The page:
7960395270?profile=originalMembers of the Avenue Church bow in prayer to kick off their fitness ministry, which began July 14. Tim Stepien/The Coastal Star

By Tim Pallesen

Bikers and runners on Ocean Boulevard generate the most activity early on a Saturday morning.
Now a Delray Beach church has launched a physical fitness ministry to be part of the action.
    About 35 members of the Avenue Church walked from Veterans Park to the beach on July 14 to kick off Get Fit, a ministry to take care of their bodies.
    “We believe in the mind, body, spirit approach,” senior pastor Casey Cleveland explained. “It’s important to take care of our bodies and honor God in all that we do.”
    The weekly workouts include swimming, biking, running, walking and cross-fit training to build stronger bodies, stimulate alertness of mind and enhance spiritual values.
    Church member Melissa Serafica brought her sons Gavin, 11, and Westyn, 2, to understand the relationship between fitness and religion.
    “Our bodies are our temples,” Serafica said. “We want us to be healthy as God intended us to be.”
    The Avenue Church worships on Sunday at the Delray Beach Community Center and Old School Square.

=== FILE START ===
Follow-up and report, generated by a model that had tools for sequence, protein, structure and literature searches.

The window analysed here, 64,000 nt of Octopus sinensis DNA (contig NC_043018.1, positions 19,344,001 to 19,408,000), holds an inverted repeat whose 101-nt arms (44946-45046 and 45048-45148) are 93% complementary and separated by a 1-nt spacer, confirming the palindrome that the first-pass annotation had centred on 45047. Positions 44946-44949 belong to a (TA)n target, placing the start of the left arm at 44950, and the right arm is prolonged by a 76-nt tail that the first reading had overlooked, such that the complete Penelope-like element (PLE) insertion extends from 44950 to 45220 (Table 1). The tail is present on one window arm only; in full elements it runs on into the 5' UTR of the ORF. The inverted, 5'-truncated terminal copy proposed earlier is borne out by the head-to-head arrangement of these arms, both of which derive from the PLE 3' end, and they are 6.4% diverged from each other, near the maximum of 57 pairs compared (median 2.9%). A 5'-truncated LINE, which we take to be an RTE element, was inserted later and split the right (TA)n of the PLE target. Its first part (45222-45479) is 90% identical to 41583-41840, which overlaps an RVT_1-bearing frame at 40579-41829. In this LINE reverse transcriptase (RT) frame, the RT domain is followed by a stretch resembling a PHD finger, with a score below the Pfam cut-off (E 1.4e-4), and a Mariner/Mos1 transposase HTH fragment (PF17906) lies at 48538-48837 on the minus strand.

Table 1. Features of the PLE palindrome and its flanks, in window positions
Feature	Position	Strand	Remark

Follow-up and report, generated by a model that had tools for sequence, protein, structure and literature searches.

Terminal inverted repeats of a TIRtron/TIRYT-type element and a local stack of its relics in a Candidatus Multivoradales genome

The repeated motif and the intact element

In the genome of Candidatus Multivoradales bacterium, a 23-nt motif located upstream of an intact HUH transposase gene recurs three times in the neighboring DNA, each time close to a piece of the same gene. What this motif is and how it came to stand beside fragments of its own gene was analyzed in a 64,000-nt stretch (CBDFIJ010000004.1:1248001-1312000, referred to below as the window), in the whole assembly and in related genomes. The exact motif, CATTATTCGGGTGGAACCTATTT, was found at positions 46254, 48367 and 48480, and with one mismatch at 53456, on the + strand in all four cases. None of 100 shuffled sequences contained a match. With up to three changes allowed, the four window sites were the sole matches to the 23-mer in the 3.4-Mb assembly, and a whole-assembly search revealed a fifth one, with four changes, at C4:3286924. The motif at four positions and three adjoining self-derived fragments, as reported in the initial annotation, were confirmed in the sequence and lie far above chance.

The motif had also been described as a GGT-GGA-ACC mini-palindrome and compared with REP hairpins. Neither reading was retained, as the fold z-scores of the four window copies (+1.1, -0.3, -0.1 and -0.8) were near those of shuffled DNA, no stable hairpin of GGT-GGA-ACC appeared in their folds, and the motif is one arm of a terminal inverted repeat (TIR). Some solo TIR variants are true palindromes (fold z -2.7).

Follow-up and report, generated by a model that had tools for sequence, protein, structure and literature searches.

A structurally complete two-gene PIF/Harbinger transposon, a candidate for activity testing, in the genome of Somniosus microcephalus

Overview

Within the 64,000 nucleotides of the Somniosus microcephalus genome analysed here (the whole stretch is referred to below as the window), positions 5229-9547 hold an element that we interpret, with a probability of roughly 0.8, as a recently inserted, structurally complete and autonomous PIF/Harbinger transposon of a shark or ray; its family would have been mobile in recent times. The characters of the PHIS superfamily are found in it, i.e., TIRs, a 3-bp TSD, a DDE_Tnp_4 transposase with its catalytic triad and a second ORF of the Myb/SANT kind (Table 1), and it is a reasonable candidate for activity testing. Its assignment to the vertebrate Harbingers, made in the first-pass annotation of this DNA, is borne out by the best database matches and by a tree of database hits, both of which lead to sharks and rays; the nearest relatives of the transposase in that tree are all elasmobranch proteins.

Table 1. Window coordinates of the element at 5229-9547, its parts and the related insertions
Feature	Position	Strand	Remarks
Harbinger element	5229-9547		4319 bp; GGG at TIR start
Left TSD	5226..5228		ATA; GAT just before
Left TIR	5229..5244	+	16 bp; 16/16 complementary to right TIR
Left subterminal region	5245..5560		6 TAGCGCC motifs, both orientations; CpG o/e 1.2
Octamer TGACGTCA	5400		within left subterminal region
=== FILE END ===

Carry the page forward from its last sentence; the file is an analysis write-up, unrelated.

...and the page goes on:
Cleveland has described his congregation as the young people who stroll Atlantic Avenue on a Friday or Saturday night. Most are in the age range of 21 to 40.
    That was the age group on July 14 when fitness pastor John O’Brien led the prayer to begin the new oceanfront ministry.
    O’Brien said he feared not measuring up to the “fit and attractive people” on Atlantic Avenue before he found Christ.
    “God wants to set us free from that fear,” O’Brien told the congregation as the hardbody workouts began.
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    Foster parents deserve a night away from the kids on Atlantic Avenue, too.
    The orphan-care ministry at the Avenue Church sponsored its first Foster Parent Night Out on July 20.
    Church members entertained and fed both foster and adoptive children at the Delray Beach Community Center so the adults could enjoy dinner without them.
    The event organizer, Lisa Wanamaker, said the church has recognized that support for foster and adoptive parents in Palm Beach County is a much-needed Christian service.
    “Some of the parents said they hadn’t had a date night in three years,” Wanaker said. Foster parents cannot leave their foster children with a babysitter who doesn’t have proper background clearance.
    “We have a small army of committed volunteers from the church,” she said. “Our goal for the evening is to love the kids and give the kids and give the parents a much needed break.”
    The congregation also donates diapers, clothing and toiletries to the families.
    “This is just one small way of saying thank you to the families who are caring for children who have been removed from their birth families because of abuse, abandonment or neglect,” Wanamaker said.
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    The former director of a sexual assault and domestic violence clinical services and child advocacy center has joined St. Paul’s Episcopal Church in Delray Beach as a volunteer deacon.